Five years on from the Paris Agreement, and with countless evidence that the climate crisis is worsening, the negotiations will focus on nationally determined contributions to stop the world from warming above 1.5 degrees.
The onus is on richer countries in the Global North to shoulder the heaviest burden of emissions cuts while supporting countries in the Global South who are being hardest hit by climate change.
On Friday, Scotland published its climate targets and plans in an ‘indicative Nationally Determined Contribution (iNDC)’. This is the first time a devolved government, city, or region has presented its plans in the format required of nation state parties to the Paris Agreement ‒ and demonstrates a commitment from Scotland to do its part in a global crisis.
To drive up ambition, other nations similar to Scotland ‒ who cannot formally sign up to UN climate agreements ‒ could follow Scotland’s lead and submit similar plans ahead of future climate change talks.
But how do the commitments in Scotland's iNDC measure up against the action that we need? In 2019, Scotland set some of the most ambitious climate targets in the world, pledging by 2030 to cut greenhouse gas emissions by 75 per cent.
Meeting these goals requires urgent and significant changes to any ‘business as usual’ approach. Earlier this year, the Cabinet Secretary for Net Zero, Energy and Transport, Michael Matheson, made this clear when he announced that Scotland had missed its climate emissions targets for the last three years and ordered a catch-up report to be delivered within six months.
With the reality of a fundamentally altered climate hitting ever closer to home, even in the relatively sheltered Global North, it is simply not acceptable that Scotland has missed the last three years of targets.
Nor is it acceptable that the recently updated Climate Change Plan submitted to the Scottish Parliament and mandated by the 2019 Scottish Climate Change Act, lacks a credible plan to show exactly how Scotland will achieve its 75 per cent emissions reduction target by 2030.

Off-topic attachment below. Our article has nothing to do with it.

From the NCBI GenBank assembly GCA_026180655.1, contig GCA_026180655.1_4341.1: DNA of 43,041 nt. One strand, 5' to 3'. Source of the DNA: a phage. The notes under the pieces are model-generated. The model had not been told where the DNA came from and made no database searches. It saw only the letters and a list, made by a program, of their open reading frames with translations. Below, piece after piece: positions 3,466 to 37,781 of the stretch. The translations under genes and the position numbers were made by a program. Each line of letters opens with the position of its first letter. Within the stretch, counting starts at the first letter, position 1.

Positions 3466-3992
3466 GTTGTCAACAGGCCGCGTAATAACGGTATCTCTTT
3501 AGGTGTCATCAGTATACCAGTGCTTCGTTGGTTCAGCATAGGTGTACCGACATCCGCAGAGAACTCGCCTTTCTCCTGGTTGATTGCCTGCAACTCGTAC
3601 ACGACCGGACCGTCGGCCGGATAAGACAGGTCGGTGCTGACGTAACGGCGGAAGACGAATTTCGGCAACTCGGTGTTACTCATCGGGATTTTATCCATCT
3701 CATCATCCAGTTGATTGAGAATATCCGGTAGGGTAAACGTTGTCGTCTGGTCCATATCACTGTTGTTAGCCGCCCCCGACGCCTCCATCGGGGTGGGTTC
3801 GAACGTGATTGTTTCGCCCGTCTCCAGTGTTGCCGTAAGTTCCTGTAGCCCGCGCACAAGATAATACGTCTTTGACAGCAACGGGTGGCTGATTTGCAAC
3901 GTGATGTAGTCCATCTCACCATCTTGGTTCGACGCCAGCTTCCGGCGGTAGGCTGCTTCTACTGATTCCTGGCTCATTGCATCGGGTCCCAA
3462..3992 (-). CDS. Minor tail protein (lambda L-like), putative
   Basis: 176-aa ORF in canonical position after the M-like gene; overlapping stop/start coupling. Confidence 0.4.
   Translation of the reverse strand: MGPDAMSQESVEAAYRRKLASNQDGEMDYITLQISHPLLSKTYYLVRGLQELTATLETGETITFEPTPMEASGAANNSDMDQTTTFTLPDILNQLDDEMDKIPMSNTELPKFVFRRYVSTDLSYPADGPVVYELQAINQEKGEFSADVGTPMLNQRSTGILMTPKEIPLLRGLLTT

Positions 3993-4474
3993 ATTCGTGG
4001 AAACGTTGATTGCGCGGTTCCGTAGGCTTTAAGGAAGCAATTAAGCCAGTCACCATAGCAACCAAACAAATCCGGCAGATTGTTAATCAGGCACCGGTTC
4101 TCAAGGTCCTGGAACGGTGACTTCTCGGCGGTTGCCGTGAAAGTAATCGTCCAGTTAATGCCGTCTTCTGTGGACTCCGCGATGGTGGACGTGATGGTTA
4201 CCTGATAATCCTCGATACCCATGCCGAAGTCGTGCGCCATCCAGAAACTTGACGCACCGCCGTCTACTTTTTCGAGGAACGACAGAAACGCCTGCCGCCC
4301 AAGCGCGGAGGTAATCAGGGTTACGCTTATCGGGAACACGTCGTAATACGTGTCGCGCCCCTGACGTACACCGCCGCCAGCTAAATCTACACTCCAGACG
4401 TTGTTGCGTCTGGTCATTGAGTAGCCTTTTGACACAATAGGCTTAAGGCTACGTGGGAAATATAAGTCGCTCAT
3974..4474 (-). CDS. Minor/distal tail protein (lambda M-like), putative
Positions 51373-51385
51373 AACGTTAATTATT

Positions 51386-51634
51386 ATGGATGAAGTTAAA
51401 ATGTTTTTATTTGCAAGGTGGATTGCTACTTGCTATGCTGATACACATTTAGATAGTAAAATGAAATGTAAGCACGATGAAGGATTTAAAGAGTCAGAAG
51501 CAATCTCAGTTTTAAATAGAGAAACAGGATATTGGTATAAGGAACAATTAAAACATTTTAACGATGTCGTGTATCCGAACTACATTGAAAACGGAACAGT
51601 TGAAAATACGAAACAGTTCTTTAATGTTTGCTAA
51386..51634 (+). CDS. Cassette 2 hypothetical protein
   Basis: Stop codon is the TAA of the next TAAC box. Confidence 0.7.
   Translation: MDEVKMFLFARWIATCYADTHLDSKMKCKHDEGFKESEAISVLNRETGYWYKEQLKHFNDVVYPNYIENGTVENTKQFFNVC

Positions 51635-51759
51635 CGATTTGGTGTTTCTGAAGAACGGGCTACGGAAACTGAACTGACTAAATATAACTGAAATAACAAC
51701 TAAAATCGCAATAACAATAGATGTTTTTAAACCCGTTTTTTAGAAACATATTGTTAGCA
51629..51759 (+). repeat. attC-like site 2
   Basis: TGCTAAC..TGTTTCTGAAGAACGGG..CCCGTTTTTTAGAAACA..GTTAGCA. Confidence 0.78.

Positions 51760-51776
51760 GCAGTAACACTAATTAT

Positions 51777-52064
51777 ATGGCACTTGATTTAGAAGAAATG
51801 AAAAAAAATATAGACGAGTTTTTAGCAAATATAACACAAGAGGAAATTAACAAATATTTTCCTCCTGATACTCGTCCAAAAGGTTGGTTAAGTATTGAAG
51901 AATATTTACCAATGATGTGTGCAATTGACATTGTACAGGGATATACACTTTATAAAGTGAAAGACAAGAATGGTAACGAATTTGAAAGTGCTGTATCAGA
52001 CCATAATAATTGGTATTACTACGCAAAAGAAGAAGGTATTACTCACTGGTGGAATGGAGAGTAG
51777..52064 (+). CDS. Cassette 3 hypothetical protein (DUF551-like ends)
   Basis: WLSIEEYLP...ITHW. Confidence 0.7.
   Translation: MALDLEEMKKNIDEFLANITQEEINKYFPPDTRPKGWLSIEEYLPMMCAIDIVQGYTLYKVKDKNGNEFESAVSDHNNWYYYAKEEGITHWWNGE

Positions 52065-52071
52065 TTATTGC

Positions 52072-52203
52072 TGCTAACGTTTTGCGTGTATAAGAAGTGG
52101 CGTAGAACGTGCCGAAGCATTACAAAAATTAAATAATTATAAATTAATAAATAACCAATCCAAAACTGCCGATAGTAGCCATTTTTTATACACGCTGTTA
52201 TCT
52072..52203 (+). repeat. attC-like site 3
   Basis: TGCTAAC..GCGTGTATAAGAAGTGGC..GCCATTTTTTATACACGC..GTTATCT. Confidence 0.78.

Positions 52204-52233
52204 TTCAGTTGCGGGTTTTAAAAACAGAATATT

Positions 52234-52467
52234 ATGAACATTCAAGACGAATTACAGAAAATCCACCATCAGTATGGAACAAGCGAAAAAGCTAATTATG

Much more needs to be done ‒ urgently ‒ for Scotland to be a world leader on climate change. The people of Scotland have been demanding action: 68 per cent of adults agreed in one poll that climate change is an immediate and urgent problem. Young people in Scotland ‒ whose futures are at stake ‒ have been at the forefront of that movement.
One start would be to integrate the 166 recommendations made by a number of Scottish parliamentary committees to strengthen the Climate Change Plan update.
From extreme heatwaves and wildfires, to catastrophic flooding around the world, the climate crisis is having a devastating impact on livelihoods and nature. We must take stronger, faster action in Scotland to phase out our most polluting activities and create new, decent job opportunities in green industries.
And, amid a nature emergency, we must invest in proven practices to foster healthy ecosystems and enhance biodiversity: protecting peatlands, native woodlands and marine habitats. Addressing the two crises ‒ nature and climate as one ‒ can lead to reduced carbon emissions and increased resilience.
Additionally, Stop Climate Chaos Scotland proposed giving more attention to climate justice – helping to support those most impacted by climate change, in recognition of Scotland's responsibility for their fair share of the climate crisis.
Rich countries committed to providing $100 billion a year by 2020 to help those countries who have done the least to cause climate change to retool their economies and societies, as well as provide money to help communities adapt, survive and thrive beyond the impact of climate change already happening. That commitment is far off track, particularly on funding to help countries adapt.
There is also a need to secure additional money to cover the loss and damage created by irreversible climate impacts on land, culture and people.
Positively, the Scottish government announced this year that it would double the budget – to £24 million over the next four years – of its world-first Climate Justice Fund which was set up in 2012 after the Paris climate talks.
One major success of the fund has been the Climate Challenge Programme Malawi which has helped 42,000 people, the majority of them women and girls, in Southern Malawi to improve their access to food, water and energy so they are better prepared for climate-related disasters.
As Cop26 approaches, the Scottish government will be working with Stop Climate Chaos Scotland to listen to experts from the Global South on issues like climate finance, adaptation, loss and damage, and just transition. The success of the Cop26 negotiations in Glasgow depends on progress on these key issues and Scotland can play a key amplification role on those issues of concern.
In November, the world’s eyes will be on Glasgow. While the UK is the official host to the summit, the Scottish government has shown with the publication of the iNDC, that they, too, have something to add to the dialogue.
But as the countries confer with each other, it will be the people of the world who have the most to say: we need action, we need more of it, and we need it now.
Written on behalf of Stop Climate Chaos Scotland by Anne Callaghan, policy officer at anti-poverty charity SCIAF, and Erica Mason, policy campaigns officer at RSPB Scotland